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I'm afraid...
Authored by: marook on Mar 13, '06 03:40:39PM

Well, as already mentioned above, if the app/service/deamon that would respond to the Incoming port is not running, then no service/port is open on that port - unless it's registred with launchd and then auto-open when traffic comes in on that port (as it has told launchd to respond to that port)

What the firewall does, is allow the traffic from the low-level network layer to reach the application layer if any app is listening on the given port.

So: Quit the app = port closed!


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I'm afraid...
Authored by: Whyatt on Mar 13, '06 04:08:04PM
Well, I do see denied traffic in the ipfw logs for traffic from ports for apps which are currently running. This shows that unless you open up the port manually in the ipfw preferences, there will be denied traffic on these ports.

And leaving the ports open in the ipfw configuration leaves them always open. I've also seen this from denied traffic to these ports logged in the ipfw logs when these apps aren't running.


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A better solution...
Authored by: tbo on Mar 13, '06 05:04:41PM

A port is only "open" if an application is listening on the port, and the port is not blocked by a firewall. If the port is not open, you are not vulnerable on that port (unless your network stack itself is vulnerable, in which case you're very, very screwed and a software firewall probably won't save you).

One of two things can happen if a remote computer tries to open a connection to a port on your computer that's not open. Normally, your computer will simply send a RST packet, telling the remote computer that that port is closed. This is what happens with no firewall, or with the Apple firewall (ipfw) in Apple's default configuration. If you turn on "stealth" mode, no response at all is sent. Go grab yourself a copy of nmap and play around to learn how this all works.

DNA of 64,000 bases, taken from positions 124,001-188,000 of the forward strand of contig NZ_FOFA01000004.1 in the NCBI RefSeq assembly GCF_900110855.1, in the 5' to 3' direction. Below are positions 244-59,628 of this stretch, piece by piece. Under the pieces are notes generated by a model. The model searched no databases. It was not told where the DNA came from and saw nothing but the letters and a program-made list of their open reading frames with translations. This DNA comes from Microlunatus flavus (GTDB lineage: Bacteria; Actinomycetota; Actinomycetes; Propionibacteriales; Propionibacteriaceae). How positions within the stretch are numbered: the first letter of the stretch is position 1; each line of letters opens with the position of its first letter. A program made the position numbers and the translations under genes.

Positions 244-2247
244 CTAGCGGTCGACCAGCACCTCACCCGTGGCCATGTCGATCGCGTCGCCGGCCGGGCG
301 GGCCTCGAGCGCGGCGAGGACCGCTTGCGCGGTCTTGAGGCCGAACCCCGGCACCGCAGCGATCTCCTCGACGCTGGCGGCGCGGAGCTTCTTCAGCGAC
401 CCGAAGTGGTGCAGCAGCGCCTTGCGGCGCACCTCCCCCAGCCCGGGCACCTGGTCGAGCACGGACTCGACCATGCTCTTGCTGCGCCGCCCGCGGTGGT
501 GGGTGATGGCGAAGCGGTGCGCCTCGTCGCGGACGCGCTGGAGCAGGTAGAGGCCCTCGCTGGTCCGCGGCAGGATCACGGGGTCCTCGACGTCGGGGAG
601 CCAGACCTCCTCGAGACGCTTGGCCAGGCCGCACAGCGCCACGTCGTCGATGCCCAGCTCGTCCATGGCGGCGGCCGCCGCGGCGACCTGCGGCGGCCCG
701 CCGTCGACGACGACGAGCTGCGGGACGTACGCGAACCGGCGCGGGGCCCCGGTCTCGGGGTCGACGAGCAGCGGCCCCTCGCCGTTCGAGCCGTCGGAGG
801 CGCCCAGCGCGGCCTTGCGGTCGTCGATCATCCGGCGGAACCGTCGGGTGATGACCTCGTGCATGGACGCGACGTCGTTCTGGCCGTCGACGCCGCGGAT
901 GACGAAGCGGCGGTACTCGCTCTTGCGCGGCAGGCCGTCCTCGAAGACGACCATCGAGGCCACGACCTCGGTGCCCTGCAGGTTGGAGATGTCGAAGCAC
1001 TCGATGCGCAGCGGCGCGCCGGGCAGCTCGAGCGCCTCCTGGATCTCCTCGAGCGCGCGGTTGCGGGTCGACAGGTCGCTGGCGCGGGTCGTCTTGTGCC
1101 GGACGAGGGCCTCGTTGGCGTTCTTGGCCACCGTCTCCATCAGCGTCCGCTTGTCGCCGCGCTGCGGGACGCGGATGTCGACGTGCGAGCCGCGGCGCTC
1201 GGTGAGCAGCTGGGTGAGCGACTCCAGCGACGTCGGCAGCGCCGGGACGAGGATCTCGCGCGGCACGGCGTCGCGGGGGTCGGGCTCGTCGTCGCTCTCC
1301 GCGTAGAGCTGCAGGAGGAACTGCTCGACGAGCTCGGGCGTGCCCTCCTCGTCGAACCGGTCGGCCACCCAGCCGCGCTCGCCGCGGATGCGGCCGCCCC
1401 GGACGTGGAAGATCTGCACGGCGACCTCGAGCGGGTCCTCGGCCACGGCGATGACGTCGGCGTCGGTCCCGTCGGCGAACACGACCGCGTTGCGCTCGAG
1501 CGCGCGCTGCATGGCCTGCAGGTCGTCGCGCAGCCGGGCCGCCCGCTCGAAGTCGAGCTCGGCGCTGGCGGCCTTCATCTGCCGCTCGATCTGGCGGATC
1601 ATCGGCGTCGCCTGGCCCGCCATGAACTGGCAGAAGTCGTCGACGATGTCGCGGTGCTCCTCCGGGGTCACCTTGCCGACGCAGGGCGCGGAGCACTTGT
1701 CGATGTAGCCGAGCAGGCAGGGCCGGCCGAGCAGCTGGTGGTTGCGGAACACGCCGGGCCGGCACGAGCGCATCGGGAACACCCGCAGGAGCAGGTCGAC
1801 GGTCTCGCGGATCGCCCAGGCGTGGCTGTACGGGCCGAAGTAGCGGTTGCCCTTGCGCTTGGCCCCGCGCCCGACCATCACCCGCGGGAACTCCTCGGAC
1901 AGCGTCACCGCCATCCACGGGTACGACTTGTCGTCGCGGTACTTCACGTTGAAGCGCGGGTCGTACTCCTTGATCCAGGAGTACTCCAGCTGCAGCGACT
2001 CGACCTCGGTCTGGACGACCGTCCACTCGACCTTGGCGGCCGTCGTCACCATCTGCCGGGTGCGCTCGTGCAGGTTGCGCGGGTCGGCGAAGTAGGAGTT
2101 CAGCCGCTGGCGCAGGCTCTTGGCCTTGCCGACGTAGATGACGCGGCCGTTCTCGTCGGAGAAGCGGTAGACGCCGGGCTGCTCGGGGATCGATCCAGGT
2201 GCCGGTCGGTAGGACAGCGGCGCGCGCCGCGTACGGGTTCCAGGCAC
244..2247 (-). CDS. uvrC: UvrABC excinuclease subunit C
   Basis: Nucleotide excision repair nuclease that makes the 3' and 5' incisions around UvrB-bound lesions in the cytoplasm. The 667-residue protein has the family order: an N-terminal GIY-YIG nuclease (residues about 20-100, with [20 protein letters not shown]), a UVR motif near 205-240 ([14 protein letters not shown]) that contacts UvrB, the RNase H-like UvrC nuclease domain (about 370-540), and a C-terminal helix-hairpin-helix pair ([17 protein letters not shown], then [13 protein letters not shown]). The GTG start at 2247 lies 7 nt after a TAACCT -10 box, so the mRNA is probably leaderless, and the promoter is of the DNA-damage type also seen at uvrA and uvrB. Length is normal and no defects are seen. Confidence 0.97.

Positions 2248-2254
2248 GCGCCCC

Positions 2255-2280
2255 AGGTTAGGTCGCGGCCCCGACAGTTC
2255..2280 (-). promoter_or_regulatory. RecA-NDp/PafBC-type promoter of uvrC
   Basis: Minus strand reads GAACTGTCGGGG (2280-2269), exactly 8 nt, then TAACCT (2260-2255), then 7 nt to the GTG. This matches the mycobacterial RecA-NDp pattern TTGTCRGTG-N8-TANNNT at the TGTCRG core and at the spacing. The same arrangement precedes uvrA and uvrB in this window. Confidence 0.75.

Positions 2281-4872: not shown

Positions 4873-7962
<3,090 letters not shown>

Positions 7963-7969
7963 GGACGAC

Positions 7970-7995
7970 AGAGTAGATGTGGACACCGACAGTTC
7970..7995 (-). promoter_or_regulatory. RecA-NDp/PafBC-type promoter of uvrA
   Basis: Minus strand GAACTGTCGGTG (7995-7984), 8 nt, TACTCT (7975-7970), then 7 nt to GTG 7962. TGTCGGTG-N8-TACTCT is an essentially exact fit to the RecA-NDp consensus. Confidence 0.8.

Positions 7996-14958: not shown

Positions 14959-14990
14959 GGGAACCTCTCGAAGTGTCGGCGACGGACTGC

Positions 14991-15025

Your script gains you essentially no security against network-based attacks, and leaves you highly vulnerable to local attacks. In particular, any local user could use a privlige escalation attack (of which there are apparently some unpublished against OS X) to gain access to your unencrypted password. Since your login password is probably the same as your keychain password, they now own all the passwords in your keychain. This is very bad.

A much, much better thing would be if your firewall intelligently and dynamically allowed inbound traffic only from hosts to which you had already established an outgoing connection. This is called a stateful firewall (because it keeps track of state, in the form of recently open connections). The good news is that ipfw supports this, but you'll have to do it on the command line. What's more, it's not trivial. Go check out the man pages for ipfw and learn how your firewall works. Test things with nmap. For a few ports, you may need to open up a somewhat broader hole in the firewall, but with care that will be OK. It's important to note that this is something that requires you to know what you're doing to some degree, since everyone's network setup and needs are different and a one-size-fits-all solution can't work.

See this link for some help with a simple stateful firewall.

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